The KBT Pure Pro is a compact mechanical keyboard with real-time macro programming and a full arrowkey set. Available first on Massdrop. These will ship with QWERTY printed grey PBT keycaps (The grey blank keycaps with the lettering like you see on the black keycaps)
The KBT Pure Pro uses mechanical key switches made by a German company called Cherry Corp. Cherry makes a variety of switches and each of them produces a unique and enjoyable typing experience. You'll be able to choose between Cherry Red, Blue, Brown, or Black switches at checkout.
[Click here for more info on the individual switch types][Oh God Please No More Info]
*Cherry MX Black Switches* Type: Linear Switch Tactile: No Clicky: No Actuation Force: 60g (40g-80g overall) Key Travel: 2mm to actuation, 4mm to bottom Cherry MX-Black switches are linear (non-tactile) switches, these are considered one of the best switch types for gaming. When gaming, having a tactile bump does absolutely nothing because you're going to be bottoming out anyway. So these give you a very smooth feel. The actuation and release points are at the exact same position as well. So games that require a lot of double tapping become easier than on any other keyswitch. However, most people don't enjoy typing on them that much do in part, to their linear nature. If you're a person who tends to hit a wrong key every so often while gaming, these will be beneficial in that the high actuation force will help prevent many of those accidental presses. *Cherry MX Blue Switches* Type: Tactile & Clicky Switch Tactile: Yes, precise Clicky: Yes Actuation Force: 50g (60g Peak Force) Cherry MX Blue switches are the best cherry switch for typing. The tactile bump can easily be felt, and the resistance is similar to your average keyboard. Although many people find them just fine for gaming, some don't like the fact that the release point is above the actuation point. This can cause some trouble with double-tapping. This is usually the case with someone who has experienced other mechanical switches before hand. *Cherry MX Red Switches* Type: Linear Switch Tactile: No Clicky: No Actuation Force: 45g (Force Diagram) Key Travel: 2mm to actuation, 4mm to bottom Cherry MX-Red's are another switch that can be considered a "gaming" switch. It's essentially a lighter version of the MX Black, requiring less force to actuate. Some people do not find this switch that good for typing or gaming because it is so light, but others rave for this fact. Light or Stiff is always a matter of preference. This switch was hard to find; and was reported as EOL, but it is still in limited production with a higher than average MOQ leading to higher cost to board makers. Marketed with high demand, boards with this switch are becoming more common, but are generally more expensive as well. *Cherry MX Brown Switches* Type: Tactile Switch Link: Datasheet Tactile: Yes Clicky: No Actuation Force: 45g (55g Peak Force) (Force Diagram) Key Travel: 2mm to actuation, 4mm to bottom Cherry MX Brown switches are considered a middle ground between typing and "gaming" switches. They have a light, tactile feel half way through the key press that lets you know the switch has activated. This gives you an indication of what you can release the switch. The switch is considered a middle ground because the reset point & actuation point are close enough together than you can "float" at that point, enabling you to double tap faster. As a note: this switch actually has a peak force of 55G, it is 45G at the point of actuation. This is due to the design of the Cherry switch itself. All credit for these awesome animations goes to Lethal Squirrel on Geekhack. The KBT Pure Pro is about 40% smaller than a normal keyboard (67 keys total) without sacrificing any functionality. All the extra keys like Page Up, and the function row are accessible on a secondary function layer. Hold down the FN key and "9" becomes "F9", "I" becomes "Insert", etc.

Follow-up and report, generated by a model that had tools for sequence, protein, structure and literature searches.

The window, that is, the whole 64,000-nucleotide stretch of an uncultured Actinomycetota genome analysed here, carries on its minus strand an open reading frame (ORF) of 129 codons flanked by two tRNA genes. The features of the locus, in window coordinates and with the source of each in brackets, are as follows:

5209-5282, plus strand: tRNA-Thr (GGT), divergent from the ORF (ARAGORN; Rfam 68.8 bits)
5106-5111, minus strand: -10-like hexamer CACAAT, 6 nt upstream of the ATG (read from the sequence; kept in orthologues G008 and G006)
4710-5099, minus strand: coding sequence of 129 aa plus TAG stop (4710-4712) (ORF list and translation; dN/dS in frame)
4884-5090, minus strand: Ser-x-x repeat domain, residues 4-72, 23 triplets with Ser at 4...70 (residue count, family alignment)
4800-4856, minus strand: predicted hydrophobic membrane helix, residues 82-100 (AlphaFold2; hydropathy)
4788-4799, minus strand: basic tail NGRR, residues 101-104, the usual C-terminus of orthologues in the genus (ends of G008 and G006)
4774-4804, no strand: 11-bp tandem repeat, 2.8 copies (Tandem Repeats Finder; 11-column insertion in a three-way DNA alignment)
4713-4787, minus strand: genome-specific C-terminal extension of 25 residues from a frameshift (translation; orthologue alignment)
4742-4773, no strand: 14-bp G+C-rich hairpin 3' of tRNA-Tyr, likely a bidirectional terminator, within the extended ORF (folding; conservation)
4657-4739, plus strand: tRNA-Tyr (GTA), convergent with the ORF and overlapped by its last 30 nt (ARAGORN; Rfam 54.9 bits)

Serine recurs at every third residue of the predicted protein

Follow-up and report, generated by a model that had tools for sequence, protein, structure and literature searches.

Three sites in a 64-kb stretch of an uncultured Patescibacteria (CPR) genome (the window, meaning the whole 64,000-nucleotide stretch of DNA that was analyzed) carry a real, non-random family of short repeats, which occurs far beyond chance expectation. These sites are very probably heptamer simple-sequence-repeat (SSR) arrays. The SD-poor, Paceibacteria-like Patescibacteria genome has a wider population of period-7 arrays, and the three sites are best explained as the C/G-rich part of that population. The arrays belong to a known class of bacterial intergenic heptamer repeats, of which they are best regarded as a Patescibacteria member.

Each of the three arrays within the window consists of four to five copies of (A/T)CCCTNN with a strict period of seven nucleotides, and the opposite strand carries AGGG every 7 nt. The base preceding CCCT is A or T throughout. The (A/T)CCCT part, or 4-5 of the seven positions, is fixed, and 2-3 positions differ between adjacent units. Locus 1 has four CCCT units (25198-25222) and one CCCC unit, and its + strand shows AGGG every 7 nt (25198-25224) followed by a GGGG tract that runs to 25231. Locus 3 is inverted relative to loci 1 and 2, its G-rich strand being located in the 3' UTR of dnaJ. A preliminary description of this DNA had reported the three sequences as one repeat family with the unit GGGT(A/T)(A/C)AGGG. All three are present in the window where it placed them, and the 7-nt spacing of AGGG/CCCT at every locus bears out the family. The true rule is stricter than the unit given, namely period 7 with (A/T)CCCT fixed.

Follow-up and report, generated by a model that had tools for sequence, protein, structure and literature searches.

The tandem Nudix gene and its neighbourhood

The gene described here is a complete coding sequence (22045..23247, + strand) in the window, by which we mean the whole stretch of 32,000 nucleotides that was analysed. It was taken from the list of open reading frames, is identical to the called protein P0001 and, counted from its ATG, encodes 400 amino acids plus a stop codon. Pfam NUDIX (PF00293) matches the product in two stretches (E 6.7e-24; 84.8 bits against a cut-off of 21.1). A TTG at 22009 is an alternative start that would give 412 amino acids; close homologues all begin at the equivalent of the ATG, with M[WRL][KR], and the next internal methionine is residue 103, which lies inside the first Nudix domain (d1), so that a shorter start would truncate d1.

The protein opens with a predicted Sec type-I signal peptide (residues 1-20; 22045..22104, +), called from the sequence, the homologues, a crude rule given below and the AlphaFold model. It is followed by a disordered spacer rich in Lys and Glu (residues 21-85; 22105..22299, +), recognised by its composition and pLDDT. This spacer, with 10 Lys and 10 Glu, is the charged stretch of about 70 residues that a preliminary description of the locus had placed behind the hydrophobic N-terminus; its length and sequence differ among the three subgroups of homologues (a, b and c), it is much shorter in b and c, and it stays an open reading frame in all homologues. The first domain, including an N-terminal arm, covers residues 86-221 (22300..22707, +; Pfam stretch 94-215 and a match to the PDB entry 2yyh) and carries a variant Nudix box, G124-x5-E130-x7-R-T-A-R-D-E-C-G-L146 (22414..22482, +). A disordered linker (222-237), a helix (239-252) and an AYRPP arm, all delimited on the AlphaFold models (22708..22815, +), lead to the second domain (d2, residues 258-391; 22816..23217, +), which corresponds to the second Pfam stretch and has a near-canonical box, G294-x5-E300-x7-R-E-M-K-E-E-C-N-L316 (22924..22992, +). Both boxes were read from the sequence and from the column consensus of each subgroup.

This keyboard is fully programmable via hardware so there's no software to install, just plug it in and start building macros. Since all of the programming happens on the keyboard, you can plug it into any computer and take your custom layouts wherever you go. Here's a quick example. Say you want a button that duplicates a selected row of text. You could map the left ALT key to do Ctrl + C, .1 second delay, Ctrl + V. You'd do that by holding down the Fn key, pressing Rt Ctrl (this drops you into programming mode), then pressing ALT followed by Ctrl + C, Fn + G, Right Arrow, Space, Ctrl + V, the Pn key to finish it. Now, you can press Fn + Right Shift to put yourself into the programmed layer and every time you hit Alt, you'll copy and paste whatever material you've got selected. In addition to all the programming, there are four DIP switches on the back. The first one swaps Caps lock for Fn, the second swaps Right Control with Tilde, the third switch is a place holder, and the fourth switch locks the programmable layer.
- Unique 67-key Layout
- Cherry MX Switches
- Printed Grey PBT Keycaps
- Hardware Programmable with Macro Capability
- USB Mini Connector
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